RNA was isolated from 5 × 106 monocytes using the RNeasy Mini Kit (Qiagen, Germany). An additional step was included to remove the residual genomic DNA using DNaseI (Qiagen, Germany). Quantity and quality of total RNA was assessed using a Nanodrop ND-1000 spectrophotometer (Thermo Fisher Scientific, USA) and a Tape Station 2200 (Agilent Technologies, USA), respectively. Strand-specific RNA libraries were constructed using the Dynabeads mRNA DIRECT Micro Purification Kit and the Ion Total RNA-Seq Kit v2.0 (Thermo Fisher Scientific, USA). Library templates were clonally amplified on Ion Sphere particles using the Ion PI Hi-Q Chef Kit and Ion Chef instrument (Thermo Fisher Scientific, USA), loaded onto Ion PI Chips and sequenced on an Ion Proton Sequencer (Thermo Fisher Scientific, USA). For sequencing, in total 48 samples were multiplexed on 12 chips. The raw sequence data in fastq format are stored in the Sequence Read Archive (SRA) at National Center for Biotechnology Information (NCBI) and can be accessed at NCBI homepage (accession number: SRP076532).

Read preprocessing and rRNA filtering

Raw reads in fastq format were quality controlled with FastQC33 (v0.11.3) and trimmed with a window size of 10 using Prinseq34 (v0.20.3) (Q ≥ 20, length ≥ 20). The resulting reads were aligned to reference rRNA databases using SortMeRNA35 (v2.0). After quality control, up to 19 242 435 reads with a length of 20–373 bp and a GC content of ~50% were obtained for each sample (see Data availability section for external supplement S1).

Mapping

The quality controlled and rRNA cleaned cleaned reads were aligned to reference genomes using Segemehl36 (v0.2.0). This mapping was performed against the human genome version GRCh38, downloaded from Ensembl (release 80). Indices were build together with the corresponding pathogen genomes, depending on the samples to be mapped. For E. coli, the complete genome of strain K-12 substr. MG1655 (NC_000913.3) was downloaded from NCBI. Genomes of A. fumigatus and C. albicans were obtained from aspergillusgenome.org (21.05.2015) and candidagenome.org (Ca21, 28.05.2015). All mappings were performed with default parameters and the –splits option of Segemehl to allow for multiple spliced read alignments.

Differential gene expression

We used HTSeq-Count37 (v0.6.0) to quantify strand-specific and unique mapped reads on exon level. As reference, the full human Ensembl annotation (version GRCh38.80), including both protein- and non-coding genes, was used. Overall, 60 604 annotated features, comprising 19 825 protein-coding and 24 150 non-coding genes, were included in the annotation.

The raw read counts and rRNA cleaned read counts from each sample were normalized based on the library size and tested for significantly differentially expressed genes (adjusted p-value ≥ 0.05) using DESeq238 (v1.10.1).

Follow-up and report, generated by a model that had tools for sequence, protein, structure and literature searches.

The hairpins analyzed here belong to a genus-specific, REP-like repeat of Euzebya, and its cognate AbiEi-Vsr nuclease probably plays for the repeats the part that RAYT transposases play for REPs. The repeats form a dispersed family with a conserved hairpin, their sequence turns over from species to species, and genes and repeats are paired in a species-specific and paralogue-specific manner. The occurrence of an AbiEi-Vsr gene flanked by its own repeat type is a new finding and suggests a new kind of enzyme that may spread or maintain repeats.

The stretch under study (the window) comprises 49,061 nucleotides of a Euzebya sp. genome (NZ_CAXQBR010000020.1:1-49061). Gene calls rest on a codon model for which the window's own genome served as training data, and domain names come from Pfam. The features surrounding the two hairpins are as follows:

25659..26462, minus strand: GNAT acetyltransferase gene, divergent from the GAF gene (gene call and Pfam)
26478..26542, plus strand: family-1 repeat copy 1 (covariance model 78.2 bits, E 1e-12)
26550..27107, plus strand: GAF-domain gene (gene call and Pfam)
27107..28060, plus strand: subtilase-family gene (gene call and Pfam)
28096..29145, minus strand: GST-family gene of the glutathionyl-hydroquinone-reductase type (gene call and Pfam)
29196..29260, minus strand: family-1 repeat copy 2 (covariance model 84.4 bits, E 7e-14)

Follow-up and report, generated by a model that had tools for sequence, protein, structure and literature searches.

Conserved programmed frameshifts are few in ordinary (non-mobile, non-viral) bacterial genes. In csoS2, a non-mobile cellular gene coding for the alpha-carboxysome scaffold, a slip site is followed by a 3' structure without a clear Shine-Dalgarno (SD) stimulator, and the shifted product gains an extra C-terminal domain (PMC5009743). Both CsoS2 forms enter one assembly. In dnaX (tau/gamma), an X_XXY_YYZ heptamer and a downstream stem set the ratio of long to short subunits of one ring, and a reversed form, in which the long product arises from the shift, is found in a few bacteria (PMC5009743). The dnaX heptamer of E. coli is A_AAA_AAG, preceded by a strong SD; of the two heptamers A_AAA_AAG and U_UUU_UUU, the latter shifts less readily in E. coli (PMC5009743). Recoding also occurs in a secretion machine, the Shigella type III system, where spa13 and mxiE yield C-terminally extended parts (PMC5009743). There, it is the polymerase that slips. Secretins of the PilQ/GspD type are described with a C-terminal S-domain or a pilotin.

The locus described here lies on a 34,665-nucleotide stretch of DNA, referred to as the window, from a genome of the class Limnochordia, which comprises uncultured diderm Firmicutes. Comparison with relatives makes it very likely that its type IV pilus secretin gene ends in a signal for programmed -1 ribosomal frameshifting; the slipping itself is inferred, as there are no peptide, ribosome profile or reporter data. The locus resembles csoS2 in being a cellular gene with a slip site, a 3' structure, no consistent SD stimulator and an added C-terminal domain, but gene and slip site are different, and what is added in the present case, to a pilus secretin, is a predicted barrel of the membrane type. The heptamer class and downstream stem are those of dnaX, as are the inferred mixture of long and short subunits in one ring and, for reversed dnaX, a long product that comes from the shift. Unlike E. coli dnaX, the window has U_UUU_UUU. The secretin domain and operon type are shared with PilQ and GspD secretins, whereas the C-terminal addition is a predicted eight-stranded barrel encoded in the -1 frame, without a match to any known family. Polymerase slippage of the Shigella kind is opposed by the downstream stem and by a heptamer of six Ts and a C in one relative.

Gene filtering

The DESeq2 results of different comparisons were additionally filtered by calculating TPM values for each gene in each sample as shown in ref. 39.

where ci is the raw read count of gene i, li is the cumulative exon length of gene i and N is the number of all genes in the given annotation.

For each gene, we calculated four mean TPM values (TPMM), based on the 12 samples corresponding to control or one of the three different infection types. For protein-coding genes, we used a TPMM > 5 to filter the final gene sets for further analyses. For ncRNAs, we used a minimum basemean read count of 10.

Identification of different RNA isoforms

In order to identify different isoforms of antisense RNAs and lncRNAs, we investigated the expression patterns of the individual exons of these RNAs. Therefore, we adjusted our DESeq2 pipeline to calculate differentially expressed exons instead of whole genes Results were filtered by an adjusted p-value (≤0.05) and by basemean expression quantifier (≥40).

Principal component analyses

Principal component analyses (PCA) were performed subsequent to the corresponding DESeq2 runs on selected gene subsets (e.g. only protein-coding genes or only lncRNAs) and with different variance cut-offs in R.

3-dimensional PCAs were plotted with the scatterplot3d package in R.

Identification of co-regulated genes

To compare the effect of atRA and vitamin D during different infections, log2 fold changes (FC) as computed by DEseq2 were visualized using scatter plots in R.

The scatterplots were overlaid with contour plots for a two-dimensional kernel estimate (kde2d; MASS package) using the default parameters. Outliers were labeled with the respective gene names.

Box plots of certain gene expression patterns were visualized with the help of ref. 40.

Heat maps

Gene-wise hierarchical clustering was performed on variance stabilized read counts to build heat maps of selected differentially expressed gene sets (adjusted p value ≤ 0.05). The input matrices for each heat map were scaled on rows to visualize changes in expression on gene level.

Secondary structure prediction

The prediction of conserved secondary structures for potential marker genes is based on the multiz7way whole genome alignment, downloaded from UCSC (Octobre 2016) in multiple alignment format (MAF). Next to the human genome it contains the species Pan troglodytes, Macaca mulatta, Canis lupus familiaris, Mus musculus, Rattus norvegicus and Monodelphis domestica. According to the exons of human lncRNAs, alignments were sliced exon-wise and concatenated afterwards. To detect common secondary structures alignments were folded with RNAalifold (v2.1.8) from the Vienna RNA package41 following a window wise strategy (step width 50, window 300). Resulting structures were evaluated by hand.